Ghanian Kente Cloth (Material Memory)

Year: 2007

Origin: Bonwire, Accra

Donated By: Joyce Addai-Davis

Owning a Kente cloth from Ghana is a privilege, signifying respect for family heritage and wealth. Joyce, from a young age, learned to appreciate the craft and cultural significance of these textiles, which can be inherited or purchased from an artisan. Her grandmother acquired a Kente cloth in 1962 from Bonwire, a town north of Accra, marking her coming of age and the birth of her first child. Among many things, her first born taught her the value of money, and so this cloth was named “Sika Ye mogya,” meaning “money is blood” in Twi, the Ghanaian dialect.

Sixteen years ago, Joyce bought her own Kente cloth from the same town, motivated by her desire to honour her family’s tradition. Typically, Kente cloths are preserved for significant life events like first born children or weddings, when they are worn ceremoniously. Joyce keeps hers in its original condition, defying the new trend of cutting into the cloth.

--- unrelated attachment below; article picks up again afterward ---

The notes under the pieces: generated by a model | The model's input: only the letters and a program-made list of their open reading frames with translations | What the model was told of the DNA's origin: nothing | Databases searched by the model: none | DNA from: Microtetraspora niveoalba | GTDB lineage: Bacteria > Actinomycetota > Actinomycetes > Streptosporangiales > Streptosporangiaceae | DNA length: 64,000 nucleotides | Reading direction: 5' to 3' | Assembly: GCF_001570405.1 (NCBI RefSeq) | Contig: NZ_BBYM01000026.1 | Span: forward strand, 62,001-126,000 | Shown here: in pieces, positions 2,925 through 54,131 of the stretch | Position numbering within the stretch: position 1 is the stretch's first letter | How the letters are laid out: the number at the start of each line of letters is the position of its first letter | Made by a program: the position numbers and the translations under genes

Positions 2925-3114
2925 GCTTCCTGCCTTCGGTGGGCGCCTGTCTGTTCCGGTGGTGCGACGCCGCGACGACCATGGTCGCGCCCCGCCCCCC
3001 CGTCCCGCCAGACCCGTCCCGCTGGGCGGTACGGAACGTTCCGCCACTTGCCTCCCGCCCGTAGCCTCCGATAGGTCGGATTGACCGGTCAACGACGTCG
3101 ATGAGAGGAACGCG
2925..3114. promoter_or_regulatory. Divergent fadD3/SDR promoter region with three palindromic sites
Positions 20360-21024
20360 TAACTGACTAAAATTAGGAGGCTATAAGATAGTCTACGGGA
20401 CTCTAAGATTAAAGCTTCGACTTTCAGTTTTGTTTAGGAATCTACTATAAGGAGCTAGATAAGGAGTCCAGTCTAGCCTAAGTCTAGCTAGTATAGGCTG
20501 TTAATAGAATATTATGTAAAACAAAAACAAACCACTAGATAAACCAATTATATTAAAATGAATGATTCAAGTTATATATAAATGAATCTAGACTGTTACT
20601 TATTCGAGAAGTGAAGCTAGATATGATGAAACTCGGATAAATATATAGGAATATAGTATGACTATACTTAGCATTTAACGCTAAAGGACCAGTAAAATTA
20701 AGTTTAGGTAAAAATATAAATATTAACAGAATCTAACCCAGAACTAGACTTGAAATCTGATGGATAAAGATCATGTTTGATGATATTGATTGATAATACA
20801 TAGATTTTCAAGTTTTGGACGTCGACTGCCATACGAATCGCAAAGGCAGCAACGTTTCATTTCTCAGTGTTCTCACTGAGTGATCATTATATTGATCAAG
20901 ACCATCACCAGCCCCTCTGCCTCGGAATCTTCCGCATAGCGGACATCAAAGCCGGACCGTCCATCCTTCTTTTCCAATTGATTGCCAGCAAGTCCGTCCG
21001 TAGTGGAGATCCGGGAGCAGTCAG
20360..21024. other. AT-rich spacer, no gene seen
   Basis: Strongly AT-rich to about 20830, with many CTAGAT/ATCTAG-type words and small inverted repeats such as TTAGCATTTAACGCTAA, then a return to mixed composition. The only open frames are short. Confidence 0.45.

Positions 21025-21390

In the past, Kente cloths were never altered; they were draped without cutting. Today, influenced by globalisation, younger generations often modify their Kente cloths into tight-fitting garments, departing from the tradition of preserving the cloth as is. Joyce advocates for preserving her cultural heritage by keeping the cloth in its natural form, which not only prolongs its lifespan but also reduces waste.

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